Department of Climate and Space Sciences and Engineering in the College of Engineering at the University of Michigan


Professor Rood speaks on greenhouse gases with The Conversation

Posted: December 11, 2014

Professor Rood speaks on greenhouse gases with The Conversation

Professor Richard Rood wrote an article on greenhouse gases for The Conversation, an independent source of news and views from the academic and research community.

The article is titled, “What would happen to the climate if we stopped emitting greenhouse gases today?” It states “Earth’s climate is changing rapidly. We know this from billions of observations, documented in thousands of journal papers and texts and summarized every few years by the United Nations' Intergovernmental Panel on Climate Change. The primary cause of that change is the release of carbon dioxide from burning coal, oil and natural gas.”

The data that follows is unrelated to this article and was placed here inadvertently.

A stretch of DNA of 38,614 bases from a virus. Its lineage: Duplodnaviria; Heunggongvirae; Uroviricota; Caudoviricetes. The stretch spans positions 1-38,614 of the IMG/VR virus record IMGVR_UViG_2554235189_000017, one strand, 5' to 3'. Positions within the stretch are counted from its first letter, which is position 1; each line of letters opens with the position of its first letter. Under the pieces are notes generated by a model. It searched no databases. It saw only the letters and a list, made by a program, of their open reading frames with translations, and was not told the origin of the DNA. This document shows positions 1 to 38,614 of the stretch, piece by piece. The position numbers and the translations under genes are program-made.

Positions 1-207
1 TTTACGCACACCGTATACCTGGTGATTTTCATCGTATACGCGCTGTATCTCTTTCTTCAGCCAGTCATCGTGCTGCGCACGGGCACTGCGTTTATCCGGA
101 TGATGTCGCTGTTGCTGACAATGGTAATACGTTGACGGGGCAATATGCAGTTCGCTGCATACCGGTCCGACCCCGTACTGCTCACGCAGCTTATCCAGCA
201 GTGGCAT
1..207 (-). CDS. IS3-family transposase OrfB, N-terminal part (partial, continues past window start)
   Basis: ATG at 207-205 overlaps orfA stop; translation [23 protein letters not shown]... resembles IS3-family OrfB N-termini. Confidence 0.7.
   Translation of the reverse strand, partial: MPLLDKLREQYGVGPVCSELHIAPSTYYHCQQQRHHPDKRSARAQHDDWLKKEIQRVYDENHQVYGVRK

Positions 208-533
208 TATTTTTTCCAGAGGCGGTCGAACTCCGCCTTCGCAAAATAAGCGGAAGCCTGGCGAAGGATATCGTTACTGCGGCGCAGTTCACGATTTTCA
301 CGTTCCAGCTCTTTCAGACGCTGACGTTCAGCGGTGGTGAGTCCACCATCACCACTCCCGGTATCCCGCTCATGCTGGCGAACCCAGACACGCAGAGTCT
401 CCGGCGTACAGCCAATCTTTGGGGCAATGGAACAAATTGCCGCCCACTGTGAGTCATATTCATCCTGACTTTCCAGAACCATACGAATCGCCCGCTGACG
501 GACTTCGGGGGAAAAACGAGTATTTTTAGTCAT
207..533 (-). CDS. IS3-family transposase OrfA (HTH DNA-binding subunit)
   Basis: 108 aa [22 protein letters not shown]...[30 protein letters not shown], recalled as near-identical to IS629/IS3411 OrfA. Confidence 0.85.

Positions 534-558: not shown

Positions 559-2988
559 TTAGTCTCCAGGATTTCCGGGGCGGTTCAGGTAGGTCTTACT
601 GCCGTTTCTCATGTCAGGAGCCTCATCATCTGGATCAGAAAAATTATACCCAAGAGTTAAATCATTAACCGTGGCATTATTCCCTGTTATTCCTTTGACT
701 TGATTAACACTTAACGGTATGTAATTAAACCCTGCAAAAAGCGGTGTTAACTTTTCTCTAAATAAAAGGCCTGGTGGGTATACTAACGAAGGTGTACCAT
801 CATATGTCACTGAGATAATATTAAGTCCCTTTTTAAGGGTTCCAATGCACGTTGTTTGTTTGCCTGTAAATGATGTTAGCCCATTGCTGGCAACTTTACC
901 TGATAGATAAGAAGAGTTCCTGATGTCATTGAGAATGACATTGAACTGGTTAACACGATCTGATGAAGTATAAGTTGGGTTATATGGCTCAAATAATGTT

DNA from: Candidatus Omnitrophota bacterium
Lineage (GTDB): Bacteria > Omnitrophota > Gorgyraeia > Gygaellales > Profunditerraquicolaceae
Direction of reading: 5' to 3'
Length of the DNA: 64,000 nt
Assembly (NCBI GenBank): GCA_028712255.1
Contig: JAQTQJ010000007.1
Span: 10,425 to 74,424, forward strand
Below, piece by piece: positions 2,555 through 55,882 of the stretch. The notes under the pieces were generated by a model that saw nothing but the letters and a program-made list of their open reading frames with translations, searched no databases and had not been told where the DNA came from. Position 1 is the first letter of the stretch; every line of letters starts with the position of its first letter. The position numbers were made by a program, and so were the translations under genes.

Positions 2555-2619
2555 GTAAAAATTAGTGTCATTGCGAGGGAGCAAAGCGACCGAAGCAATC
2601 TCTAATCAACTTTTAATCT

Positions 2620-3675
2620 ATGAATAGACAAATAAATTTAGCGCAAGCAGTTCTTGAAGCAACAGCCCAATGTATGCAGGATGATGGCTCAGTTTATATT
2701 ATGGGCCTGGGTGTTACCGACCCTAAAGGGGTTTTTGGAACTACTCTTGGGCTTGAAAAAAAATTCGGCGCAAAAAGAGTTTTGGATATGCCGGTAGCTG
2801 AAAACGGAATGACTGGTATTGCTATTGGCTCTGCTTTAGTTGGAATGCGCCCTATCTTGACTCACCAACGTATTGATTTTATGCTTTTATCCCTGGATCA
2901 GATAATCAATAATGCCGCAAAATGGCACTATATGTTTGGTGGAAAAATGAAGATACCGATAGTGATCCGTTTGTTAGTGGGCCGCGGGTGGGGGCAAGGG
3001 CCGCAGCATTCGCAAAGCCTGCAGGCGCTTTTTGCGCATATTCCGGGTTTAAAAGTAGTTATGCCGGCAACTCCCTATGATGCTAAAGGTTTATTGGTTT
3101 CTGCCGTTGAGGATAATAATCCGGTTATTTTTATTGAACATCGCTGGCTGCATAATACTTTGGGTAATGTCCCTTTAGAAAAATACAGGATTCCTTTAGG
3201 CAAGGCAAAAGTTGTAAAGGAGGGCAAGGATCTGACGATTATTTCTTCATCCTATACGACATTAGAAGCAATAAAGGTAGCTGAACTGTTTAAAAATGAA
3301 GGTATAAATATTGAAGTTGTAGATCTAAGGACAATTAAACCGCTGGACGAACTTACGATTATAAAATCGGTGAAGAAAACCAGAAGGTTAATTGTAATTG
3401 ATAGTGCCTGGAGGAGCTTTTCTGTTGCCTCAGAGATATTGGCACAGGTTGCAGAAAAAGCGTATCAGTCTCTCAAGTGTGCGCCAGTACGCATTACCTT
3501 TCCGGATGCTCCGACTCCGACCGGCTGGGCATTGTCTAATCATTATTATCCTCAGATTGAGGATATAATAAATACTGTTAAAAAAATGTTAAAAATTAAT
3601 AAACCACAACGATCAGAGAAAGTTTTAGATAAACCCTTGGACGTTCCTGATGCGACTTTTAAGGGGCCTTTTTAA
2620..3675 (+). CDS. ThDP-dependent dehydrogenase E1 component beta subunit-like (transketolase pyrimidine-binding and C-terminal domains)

The article continues, “What would happen to the climate if we were to stop emitting carbon dioxide today, right now? Would we return to the climate of our elders? The simple answer is no. Once we release the carbon dioxide stored in the fossil fuels we burn, it accumulates in and moves amongst the atmosphere, the oceans, the land, and the plants and animals of the biosphere. The released carbon dioxide will remain in the atmosphere for thousands of years. Only after many millennia will it return to rocks, for example, through the formation of calcium carbonate – limestone – as marine organisms' shells settle to the bottom of the ocean. But on time spans relevant to humans, once released the carbon dioxide is in our environment essentially forever. It does not go away, unless we, ourselves, remove it.”

To read the full piece, please visit The Conversation.

(Image Credit: NASA Goddard)

The Conversation

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